Moving right along

We moved house yesterday. We survived. Just. The cats are a little freaked out by the new surroundings but my marriage is intact, even if my fingernails are all broken, and my knees raw from scrubbing the tiles in the laundry.

I’ve moved more times than I could count; to the next town, across the state and to the other side of the planet, but this move has been the worst by far.

It could be because we moved just two streets away and I decided to carry carload after carload of bits and pieces rather than boxing everything. That was my first mistake.

Our next move will be our last, I hope. This one was to be that last glorious move, but we were looking for the wrong property. We thought we wanted to buy a house, but what we want is a flat, close to the beach, with room for kitties and some herbs in pots on the balcony.

A view if we can get it.

But we have some work to do before we can move again, possibly in 12 months. We have to Minimalise, or is that just Minimise?

Correct terms aside, I’ve already started the work of decluttering. Why do I own so much stuff? Who needs so much stuff? It’s terrible. It feels like an anchor, or maybe a millstone around our necks.

The double garage full of unnecessary stuff makes my chest hurt.

I have boxes full of my son’s baby clothes. He’s 19. Add to that every ticket stub, every museum brochure, every boarding pass; I need an intervention!

It will help me write my memoir; as I bin each box of mementos I’m sure all the memories will come flooding in.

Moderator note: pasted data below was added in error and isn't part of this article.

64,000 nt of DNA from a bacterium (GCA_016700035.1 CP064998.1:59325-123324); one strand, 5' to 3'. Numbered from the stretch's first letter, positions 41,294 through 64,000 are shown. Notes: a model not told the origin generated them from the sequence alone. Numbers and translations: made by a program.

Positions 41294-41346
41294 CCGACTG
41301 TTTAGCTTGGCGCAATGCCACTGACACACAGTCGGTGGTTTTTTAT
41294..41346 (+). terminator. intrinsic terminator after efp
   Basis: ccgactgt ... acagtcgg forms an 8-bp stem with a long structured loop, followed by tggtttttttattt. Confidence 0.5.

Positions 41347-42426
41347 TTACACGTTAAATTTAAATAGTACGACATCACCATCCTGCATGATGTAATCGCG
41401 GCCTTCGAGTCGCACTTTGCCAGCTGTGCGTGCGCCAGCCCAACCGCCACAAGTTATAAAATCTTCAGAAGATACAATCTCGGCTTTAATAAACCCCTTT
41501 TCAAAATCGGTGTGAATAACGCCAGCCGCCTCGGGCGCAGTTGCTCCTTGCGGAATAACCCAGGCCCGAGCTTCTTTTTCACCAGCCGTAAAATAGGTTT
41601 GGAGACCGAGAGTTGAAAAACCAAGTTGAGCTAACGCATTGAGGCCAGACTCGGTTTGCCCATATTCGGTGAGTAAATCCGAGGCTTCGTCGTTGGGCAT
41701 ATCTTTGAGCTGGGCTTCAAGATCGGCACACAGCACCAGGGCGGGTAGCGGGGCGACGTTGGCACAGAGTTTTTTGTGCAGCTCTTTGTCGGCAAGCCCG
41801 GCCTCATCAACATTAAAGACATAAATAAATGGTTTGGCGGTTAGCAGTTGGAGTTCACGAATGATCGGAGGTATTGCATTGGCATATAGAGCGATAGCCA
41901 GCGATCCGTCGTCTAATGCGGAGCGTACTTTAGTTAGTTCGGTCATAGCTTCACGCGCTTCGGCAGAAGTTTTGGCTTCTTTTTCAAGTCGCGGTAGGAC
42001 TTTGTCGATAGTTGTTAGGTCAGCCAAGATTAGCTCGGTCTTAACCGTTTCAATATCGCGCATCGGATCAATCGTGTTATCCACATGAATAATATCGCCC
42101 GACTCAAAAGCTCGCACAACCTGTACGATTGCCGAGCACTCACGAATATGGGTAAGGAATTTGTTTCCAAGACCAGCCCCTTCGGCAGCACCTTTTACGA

Being a big podcast nerd, I’ve queued a bunch of episodes of The Minimalists show. I hope it will give me all the tips on leaving lean.

Tomorrow I have to finish off cleaning the old place then start unpacking this one and I’m going to Cut the Crap! I have two bags of clothes and linens to take to the charity store first thing tomorrow.

Enough is enough. Or too much.

This move has brought ‘home’ to me an inkling of what refugees have lost. Of people forced to escape a violent partner with little more than the clothes on their backs.

Can you imagine?

Given just hours or even minutes to grab whatever we can carry. There’s no question that we would grab our phone and charger, good shoes, a warm jacket, a raincoat? It was sobering to think about.

Good night. I hope you are warm and dry and with someone who loves you.

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